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by George Eliot

Middlemarch Book 3, Chapter 29 Summary

  • The chapter opens with a reminder by the narrator that Mr. Casaubon has his own inner life – his own plans and hopes and insecurities – that Dorothea knows nothing about.
  • Mr. Casaubon opens a letter from Will Ladislaw, and finds an enclosed note to Dorothea.
  • He hands her the sealed note, and isn't very happy about it.
  • Dorothea's completely innocent. She thinks of Will only as a relative of her husband's who has been kind to her – she has no idea that Casaubon is jealous of Will.
  • In his note to Mr. Casaubon, Will has suggested that he swing by for a visit when he returns to England.
  • Mr. Casaubon repeats this to Dorothea, and tells her not to get her hopes up – he's too busy to entertain visitors.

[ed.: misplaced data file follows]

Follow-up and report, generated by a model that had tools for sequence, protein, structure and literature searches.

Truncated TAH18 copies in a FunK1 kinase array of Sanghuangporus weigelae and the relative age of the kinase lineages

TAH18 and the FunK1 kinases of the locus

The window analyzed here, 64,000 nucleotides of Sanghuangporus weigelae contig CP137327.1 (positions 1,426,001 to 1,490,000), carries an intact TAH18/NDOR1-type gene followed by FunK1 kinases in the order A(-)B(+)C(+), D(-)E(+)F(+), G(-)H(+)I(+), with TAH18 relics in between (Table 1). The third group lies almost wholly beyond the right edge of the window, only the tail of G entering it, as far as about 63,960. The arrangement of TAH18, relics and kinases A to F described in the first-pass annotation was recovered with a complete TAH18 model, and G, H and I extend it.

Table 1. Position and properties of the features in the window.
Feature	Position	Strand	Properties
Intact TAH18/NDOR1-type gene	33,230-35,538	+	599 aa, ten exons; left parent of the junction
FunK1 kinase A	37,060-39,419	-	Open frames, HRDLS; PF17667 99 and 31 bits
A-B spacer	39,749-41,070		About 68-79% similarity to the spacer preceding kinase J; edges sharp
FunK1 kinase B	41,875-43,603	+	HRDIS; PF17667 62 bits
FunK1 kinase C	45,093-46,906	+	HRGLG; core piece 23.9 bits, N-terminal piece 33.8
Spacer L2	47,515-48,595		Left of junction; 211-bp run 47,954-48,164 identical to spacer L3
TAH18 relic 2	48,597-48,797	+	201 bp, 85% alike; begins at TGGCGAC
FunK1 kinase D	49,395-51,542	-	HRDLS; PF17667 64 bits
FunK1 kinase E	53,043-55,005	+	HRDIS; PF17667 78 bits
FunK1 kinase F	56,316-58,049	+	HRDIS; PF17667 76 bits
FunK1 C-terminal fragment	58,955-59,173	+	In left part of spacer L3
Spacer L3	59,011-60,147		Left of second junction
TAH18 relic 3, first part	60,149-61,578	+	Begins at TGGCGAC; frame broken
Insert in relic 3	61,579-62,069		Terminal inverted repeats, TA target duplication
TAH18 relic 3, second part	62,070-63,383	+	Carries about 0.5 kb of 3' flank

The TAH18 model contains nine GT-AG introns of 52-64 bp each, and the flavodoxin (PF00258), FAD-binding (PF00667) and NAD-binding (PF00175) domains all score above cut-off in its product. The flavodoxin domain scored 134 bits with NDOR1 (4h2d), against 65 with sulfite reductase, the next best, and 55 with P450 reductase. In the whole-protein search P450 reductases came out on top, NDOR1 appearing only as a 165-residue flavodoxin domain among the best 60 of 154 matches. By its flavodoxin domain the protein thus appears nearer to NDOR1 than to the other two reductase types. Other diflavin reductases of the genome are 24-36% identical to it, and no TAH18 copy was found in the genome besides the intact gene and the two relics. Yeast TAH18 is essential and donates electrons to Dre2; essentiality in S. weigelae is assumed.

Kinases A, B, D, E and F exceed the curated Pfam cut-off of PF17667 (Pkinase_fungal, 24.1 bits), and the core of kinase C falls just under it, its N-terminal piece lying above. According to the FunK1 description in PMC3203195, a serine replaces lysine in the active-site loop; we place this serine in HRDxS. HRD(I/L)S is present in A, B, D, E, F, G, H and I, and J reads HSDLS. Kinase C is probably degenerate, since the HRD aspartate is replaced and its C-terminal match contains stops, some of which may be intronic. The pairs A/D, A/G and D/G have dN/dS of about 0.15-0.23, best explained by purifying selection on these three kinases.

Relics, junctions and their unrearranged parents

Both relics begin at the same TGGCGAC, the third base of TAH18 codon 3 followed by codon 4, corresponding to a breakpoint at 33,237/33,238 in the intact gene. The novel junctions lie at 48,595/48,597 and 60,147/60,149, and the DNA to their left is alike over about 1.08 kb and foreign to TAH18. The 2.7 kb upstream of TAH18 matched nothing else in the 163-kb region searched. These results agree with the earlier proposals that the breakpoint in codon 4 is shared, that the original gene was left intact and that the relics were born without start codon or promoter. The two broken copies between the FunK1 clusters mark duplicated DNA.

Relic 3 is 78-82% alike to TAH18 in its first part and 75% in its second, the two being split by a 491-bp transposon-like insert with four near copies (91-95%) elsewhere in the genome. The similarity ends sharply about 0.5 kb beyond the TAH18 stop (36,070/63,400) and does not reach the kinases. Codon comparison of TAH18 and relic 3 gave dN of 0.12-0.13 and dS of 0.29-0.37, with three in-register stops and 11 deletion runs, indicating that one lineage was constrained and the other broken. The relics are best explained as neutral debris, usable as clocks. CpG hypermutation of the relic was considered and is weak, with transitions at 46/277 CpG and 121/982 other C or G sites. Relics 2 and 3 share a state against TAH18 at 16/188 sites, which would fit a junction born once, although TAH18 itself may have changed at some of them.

• Dorothea's annoyed that Casaubon should assume that she would want to see Will if he doesn't. After all, he's his cousin, not hers.
  • After this minor tiff, Casaubon leaves the room and promptly has what appears to be a minor heart attack.
  • Dorothea catches him and takes him the couch, just as Celia, Sir James, and Mr. Brooke arrive for a visit.
  • Sir James immediately sends his servant for Lydgate (just as we saw at the end of Chapter 27).

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